A new program used by judges and prosecutors in Kentucky is changing lives, saving tax dollars

By Quin Welch, Building Kentucky

As judges and prosecutors seek new ways to institute justice and protect their communities, one program is steadily growing and becoming a more beneficial option for all involved.

Restorative Justice provides a facilitated process for individuals harmed by crime or wrongdoing to meet with the person(s) who caused the harm so they can negotiate their own resolution and address the harm outside of traditional systems, including the courtroom. County Attorney Joe White has used the program in Clay County and has been impressed with what it does for everyone involved in the process of seeking justice, whether they were harmed or caused the harm.

“Restorative Justice allows us to take a situation where we have a willing juvenile defendant and a willing victim to take it out of the run-of-the-mill prosecution and put it into a situation that is customized,” White said. “It results in the improvement of lives.”

The program is voluntary and both persons harmed and those who caused the harm must agree to take part in the process, which begins with a meeting between the two parties. The person harmed can explain how the offense affected them and what needs to be done to repair the harm caused by the offender.

Both parties then work together to determine a course of action that allows offenders to not only fully understand the gravity of their actions, but also to make amends for what they’ve done. For instance, a young person who breaks into a convenience store and steals money from the cash register might pay the stolen money back to the store owner and work at the store for a period of time to remedy his or her actions.

“Restorative Justice is a program that we have in our community that allows us to give options to juvenile offenders that we haven’t been able to before,” said Haley Fields, Assistant Clay County Attorney.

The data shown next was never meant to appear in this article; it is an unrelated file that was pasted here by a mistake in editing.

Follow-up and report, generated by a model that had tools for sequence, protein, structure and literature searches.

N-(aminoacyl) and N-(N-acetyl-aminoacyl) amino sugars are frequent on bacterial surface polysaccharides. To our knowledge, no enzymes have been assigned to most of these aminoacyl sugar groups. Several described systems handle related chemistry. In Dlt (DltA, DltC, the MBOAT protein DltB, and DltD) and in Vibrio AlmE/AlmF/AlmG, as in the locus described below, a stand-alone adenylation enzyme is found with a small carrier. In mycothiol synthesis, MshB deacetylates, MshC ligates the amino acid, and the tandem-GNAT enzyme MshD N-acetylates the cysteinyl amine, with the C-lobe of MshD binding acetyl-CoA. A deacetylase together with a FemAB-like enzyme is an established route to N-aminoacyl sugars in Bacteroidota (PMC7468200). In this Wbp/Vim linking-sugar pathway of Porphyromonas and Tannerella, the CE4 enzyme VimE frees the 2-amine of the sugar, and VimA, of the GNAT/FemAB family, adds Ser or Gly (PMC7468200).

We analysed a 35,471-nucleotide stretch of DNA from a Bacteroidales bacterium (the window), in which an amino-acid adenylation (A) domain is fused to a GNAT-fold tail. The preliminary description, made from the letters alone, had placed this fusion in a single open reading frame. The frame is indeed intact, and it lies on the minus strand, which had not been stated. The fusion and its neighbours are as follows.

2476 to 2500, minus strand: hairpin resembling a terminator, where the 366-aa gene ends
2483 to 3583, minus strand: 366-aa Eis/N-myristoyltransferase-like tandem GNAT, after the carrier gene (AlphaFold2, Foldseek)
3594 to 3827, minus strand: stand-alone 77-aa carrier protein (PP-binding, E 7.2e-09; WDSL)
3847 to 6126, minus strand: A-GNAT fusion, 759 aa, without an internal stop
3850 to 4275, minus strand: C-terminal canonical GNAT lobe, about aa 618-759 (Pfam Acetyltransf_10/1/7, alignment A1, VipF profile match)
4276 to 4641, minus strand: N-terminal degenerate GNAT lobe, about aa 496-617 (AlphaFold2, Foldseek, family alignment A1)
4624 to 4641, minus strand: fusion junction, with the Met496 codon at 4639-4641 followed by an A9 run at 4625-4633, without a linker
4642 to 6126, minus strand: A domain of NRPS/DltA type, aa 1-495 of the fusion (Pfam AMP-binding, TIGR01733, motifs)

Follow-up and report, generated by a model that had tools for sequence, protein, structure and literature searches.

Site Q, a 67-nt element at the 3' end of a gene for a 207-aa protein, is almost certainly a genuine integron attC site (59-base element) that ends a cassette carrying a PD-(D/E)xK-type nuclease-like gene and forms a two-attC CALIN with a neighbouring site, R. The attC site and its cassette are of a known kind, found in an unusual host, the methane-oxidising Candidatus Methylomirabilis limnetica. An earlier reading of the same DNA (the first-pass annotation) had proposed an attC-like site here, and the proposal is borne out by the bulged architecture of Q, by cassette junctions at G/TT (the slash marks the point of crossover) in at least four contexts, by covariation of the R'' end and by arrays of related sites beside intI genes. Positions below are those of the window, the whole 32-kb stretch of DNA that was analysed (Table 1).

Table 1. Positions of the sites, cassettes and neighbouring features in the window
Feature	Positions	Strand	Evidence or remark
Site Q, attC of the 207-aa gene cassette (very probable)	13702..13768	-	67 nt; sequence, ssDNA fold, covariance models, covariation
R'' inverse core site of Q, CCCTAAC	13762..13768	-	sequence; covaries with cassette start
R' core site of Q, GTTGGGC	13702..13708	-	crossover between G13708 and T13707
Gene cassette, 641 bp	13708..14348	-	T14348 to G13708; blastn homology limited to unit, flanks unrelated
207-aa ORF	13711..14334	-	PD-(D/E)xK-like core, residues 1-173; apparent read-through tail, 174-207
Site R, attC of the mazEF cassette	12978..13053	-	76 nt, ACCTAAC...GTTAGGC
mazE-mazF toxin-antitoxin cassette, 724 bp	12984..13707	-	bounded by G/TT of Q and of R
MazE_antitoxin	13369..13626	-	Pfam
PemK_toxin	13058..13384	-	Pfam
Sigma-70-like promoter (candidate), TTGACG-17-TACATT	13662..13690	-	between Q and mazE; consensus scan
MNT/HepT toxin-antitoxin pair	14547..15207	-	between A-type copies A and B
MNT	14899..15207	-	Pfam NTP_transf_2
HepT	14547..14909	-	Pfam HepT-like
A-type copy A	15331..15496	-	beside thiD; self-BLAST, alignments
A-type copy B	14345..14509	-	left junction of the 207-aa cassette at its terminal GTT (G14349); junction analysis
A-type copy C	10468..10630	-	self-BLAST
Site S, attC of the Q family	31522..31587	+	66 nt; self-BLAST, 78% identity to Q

Naysayers claim that Restorative Justice does not hold those who cause harm accountable for their actions, and because of that, those people are as likely – or more likely – to commit similar acts. However, studies show that Restorative Justice cuts the recidivism rate by more than half for every youth who participates.

Additionally, Restorative Justice is much less expensive than sending a young person to jail. The cost for every youth who enters the Restorative Justice process is one-third the cost for a youth in the traditional criminal justice system. Because the program helps participants avoid the criminal justice system altogether, taxpayers save money and communities are able to make greater investments in parks, education, public safety and more.

“This (Restorative Justice) saves taxpayers money, but more than that, it makes our community a better place because we have less crime going forward, and that’s really what we’re striving for,” Fields said.

The Volunteers of America Mid-States are working diligently to spread the word about how Restorative Justice can change lives throughout the Commonwealth of Kentucky. To learn more about Restorative Justice, visit voamid.org/services/restorative-justice.

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